He feels, “If art makes sense, it passes through human consciousness and we make a certain enquiry. I think this enquiry is important to share things. It is about feeling and about responding to certain things. Otherwise we won’t talk of anything.”

Artist from Bangladesh Mahbubur Rahman has too explored Kathmandu City and its third gender to “give a new perspective, which is different from ours”.

In this project, he has “shown existence” of 38-year-old Tirtha Man Shakya from Kirtipur. The artist has showcased Shakya’s two lifestyles — married life with his family; and as a transgender — through videos and by recreating Shakya’s room (where he transforms himself into woman) at Nepal Art Council.

Dong has given an imaginary city to KT 2017 — a monumental mandala of Kathmandu City with chocolates, jellies and cookies that he took five days

to make.

The Triennale has some fantastic concepts in the form of art. The preparation started one-and-a-half years ago where the featuring artists stayed in Kathmandu as long as one month to five days prior to the exhibition to come up with their new works.

“We really embraced the whole idea of taking the city as a workplace where there is a kind of interaction between artists’ life, activities and engagements of the artist over the city,” Cauteren expressed.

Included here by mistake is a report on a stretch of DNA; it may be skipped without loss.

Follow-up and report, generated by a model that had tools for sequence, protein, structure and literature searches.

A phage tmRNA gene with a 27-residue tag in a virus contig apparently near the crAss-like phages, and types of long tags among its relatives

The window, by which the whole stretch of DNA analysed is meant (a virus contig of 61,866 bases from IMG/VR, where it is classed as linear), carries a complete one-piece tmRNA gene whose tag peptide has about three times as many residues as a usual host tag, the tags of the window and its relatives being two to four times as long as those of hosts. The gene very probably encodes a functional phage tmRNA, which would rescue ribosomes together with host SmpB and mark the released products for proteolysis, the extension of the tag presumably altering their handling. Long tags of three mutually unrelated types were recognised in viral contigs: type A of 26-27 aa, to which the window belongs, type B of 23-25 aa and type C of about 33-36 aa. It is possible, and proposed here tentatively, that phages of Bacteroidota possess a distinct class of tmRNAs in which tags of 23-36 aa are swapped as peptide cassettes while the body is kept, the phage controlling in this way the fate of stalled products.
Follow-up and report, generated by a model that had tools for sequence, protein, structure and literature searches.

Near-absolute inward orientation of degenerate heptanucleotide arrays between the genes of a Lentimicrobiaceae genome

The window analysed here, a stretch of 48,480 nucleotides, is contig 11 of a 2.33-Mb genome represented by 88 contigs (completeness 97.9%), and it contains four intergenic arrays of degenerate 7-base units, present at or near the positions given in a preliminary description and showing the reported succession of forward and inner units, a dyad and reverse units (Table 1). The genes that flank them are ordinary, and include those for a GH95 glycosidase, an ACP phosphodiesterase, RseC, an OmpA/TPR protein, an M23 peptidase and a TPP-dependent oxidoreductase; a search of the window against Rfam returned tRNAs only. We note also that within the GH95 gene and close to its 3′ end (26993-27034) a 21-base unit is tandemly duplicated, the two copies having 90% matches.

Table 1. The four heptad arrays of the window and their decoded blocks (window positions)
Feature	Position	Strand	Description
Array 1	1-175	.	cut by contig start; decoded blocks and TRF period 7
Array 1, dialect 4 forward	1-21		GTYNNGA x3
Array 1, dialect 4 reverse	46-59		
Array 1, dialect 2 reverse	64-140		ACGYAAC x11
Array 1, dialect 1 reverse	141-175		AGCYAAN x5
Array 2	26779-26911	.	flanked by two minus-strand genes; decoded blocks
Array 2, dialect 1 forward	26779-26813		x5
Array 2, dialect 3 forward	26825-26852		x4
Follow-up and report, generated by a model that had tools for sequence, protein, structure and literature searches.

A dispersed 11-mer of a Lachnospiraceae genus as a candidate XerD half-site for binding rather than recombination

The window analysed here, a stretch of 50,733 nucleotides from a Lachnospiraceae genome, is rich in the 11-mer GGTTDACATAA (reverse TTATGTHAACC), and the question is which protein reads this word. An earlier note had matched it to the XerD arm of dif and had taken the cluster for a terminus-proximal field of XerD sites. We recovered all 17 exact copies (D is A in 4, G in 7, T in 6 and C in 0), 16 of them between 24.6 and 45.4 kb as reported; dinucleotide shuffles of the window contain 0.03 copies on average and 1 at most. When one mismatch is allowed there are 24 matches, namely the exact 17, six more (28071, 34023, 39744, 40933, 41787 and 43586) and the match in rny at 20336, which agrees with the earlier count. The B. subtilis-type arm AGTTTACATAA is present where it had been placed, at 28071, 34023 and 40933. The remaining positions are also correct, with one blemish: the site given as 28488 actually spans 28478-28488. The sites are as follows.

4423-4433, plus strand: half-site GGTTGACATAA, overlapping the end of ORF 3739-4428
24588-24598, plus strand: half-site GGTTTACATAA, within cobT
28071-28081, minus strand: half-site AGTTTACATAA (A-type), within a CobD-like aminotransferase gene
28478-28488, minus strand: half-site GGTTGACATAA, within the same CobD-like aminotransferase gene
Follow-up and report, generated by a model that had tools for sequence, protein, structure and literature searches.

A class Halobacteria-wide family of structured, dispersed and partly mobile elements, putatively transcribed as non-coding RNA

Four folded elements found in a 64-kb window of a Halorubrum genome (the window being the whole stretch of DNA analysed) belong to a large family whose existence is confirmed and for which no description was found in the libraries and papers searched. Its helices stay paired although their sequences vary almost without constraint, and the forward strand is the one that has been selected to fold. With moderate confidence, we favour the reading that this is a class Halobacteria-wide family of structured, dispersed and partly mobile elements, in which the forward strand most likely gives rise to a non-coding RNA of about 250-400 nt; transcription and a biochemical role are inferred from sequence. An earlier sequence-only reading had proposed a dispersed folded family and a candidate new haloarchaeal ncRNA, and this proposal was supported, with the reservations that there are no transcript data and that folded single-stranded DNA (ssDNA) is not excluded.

Belu-Simion Fainaru from Israel created his work from materials he got in Nepal — cutlery and filled them with black-coloured liquid to depict contamination.

“It is my first time here and I wanted to know about the City. I travelled in bus collecting things. I connected and interacted with local people and artists here,” he shared about his experience adding, “It was difficult because of the language and culture. But I feel comfortable and safe as people are open and make you feel comfortable and the place gives positive energy.”

Other than the central exhibition, there are other features at KT 2017 including collateral exhibition. ‘Upheavals’ by Bengal Foundation is one of them where eight artistes of three different generations have expressed Bangladesh now as seen by them.

As per one of the curators Tanzim Wahab, “Bangladesh has a post-colonial history and a war with Pakistan, it is a pretty new country. So, we went a lot through different issues like environmental issues, urbanisation and various questions about the identity in post colonial situation. So, we are inviting the artists — who are discussing the critical aftermath of colonisation and how we are evolving and developed — to show their works by keeping ‘The City’ in perspective.”

There are mix-media artwork, interdisciplinary artwork, video installations, drawing and some experimental photographic works.

“Upheaval is something that comes and changes the situation that was. Bangladesh’s history is very much based on the succession of disruption, violent changes that happened quickly and completely reshaped the order — older order that is being shaken to produce a new order. We found it interesting to analyse the response of artists to the concept upheaval,” added another curator Hadrien Diez.

The Triennale is on till April 9.